WTO creates two dispute settlement panels to review US softwood lumber duties
By ASSOCIATED PRESSIndustry Forestry Government Manufacturing Canada dispute lumber softwood tariffs trade US WTO
One will cover the Canadian dispute, the other US use of differential pricing in its anti-dumping determinations.
MONTREAL — The World Trade Organization says its dispute settlement body has agreed to establish two panels to examine Canada’s complaint about duties imposed by the US on softwood lumber imports.
The Canadian government requested March 27 that a panel be set up to examine the dispute after consultations with the US in January failed to resolve the matter. It also requested a second panel to review the US use of differential pricing methodology in its anti-dumping determinations.
The US objected to the Canadian requests, which argue that the anti-dumping and countervailing duties imposed on softwood lumber imports were inconsistent with US obligations under the agreement on subsidies and countervailing measures and the general agreement on tariffs and trade.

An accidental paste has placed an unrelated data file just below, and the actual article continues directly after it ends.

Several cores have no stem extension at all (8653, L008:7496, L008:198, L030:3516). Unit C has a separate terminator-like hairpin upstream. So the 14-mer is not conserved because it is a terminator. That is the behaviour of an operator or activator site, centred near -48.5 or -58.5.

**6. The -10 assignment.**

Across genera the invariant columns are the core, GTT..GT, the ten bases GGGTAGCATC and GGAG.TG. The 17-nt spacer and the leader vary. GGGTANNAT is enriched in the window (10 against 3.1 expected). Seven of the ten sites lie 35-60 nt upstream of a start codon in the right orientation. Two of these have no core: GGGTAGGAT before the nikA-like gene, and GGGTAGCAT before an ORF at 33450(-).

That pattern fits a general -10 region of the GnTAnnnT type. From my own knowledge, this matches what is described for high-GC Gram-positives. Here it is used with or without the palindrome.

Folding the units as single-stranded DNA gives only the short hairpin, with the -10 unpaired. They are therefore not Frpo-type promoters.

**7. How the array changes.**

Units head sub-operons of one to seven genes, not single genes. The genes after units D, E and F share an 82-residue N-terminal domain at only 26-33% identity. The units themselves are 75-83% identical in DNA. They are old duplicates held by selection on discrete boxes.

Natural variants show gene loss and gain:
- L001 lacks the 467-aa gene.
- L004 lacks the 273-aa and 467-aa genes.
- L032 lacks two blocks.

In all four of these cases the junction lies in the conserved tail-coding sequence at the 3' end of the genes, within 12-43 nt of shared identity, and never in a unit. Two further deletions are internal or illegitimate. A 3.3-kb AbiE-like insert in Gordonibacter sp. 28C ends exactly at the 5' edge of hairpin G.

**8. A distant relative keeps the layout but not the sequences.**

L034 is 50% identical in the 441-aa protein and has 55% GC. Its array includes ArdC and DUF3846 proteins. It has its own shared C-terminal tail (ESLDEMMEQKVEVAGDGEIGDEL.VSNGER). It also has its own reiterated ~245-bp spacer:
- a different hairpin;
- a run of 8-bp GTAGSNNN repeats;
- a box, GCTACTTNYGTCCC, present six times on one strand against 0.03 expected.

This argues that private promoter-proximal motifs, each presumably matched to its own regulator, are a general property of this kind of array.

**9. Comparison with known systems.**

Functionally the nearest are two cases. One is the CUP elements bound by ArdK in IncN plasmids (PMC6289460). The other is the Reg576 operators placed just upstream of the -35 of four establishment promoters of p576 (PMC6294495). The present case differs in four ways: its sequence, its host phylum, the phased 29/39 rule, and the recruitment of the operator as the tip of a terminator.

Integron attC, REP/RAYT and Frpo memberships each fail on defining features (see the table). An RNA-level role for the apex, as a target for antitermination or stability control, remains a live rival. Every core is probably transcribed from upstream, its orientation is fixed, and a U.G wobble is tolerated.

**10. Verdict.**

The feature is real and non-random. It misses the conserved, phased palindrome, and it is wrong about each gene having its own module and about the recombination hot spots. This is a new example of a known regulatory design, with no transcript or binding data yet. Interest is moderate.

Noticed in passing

Ottawa says the duties represent a “considerable hardship” on softwood lumber producers and communities across Canada.
The United States has argued that the duties were fully consistent with its obligations under the WTO agreements.
It has also raised concerns that Canada’s request for a panel included an item that wasn’t identified in its request that wasn’t part of the consultations.
The US said the request included claims against the measures that don’t exist and therefore couldn’t be challenged. It also said Canada stated the matter was urgent even though the final determination in the anti-dumping investigation of softwood lumber from Canada made in November 2017.
The US it was disappointed that Canada had proceeded to request a special DSB meeting to consider its second panel request rather than addressing these concerns.
Canada has also launched a separate wide-ranging complaint to the WTO about the way the US applies punitive tariffs that has infuriated the Americans.
The Canadian government has suggested it might drop that major international trade case if it gets a softwood lumber deal.
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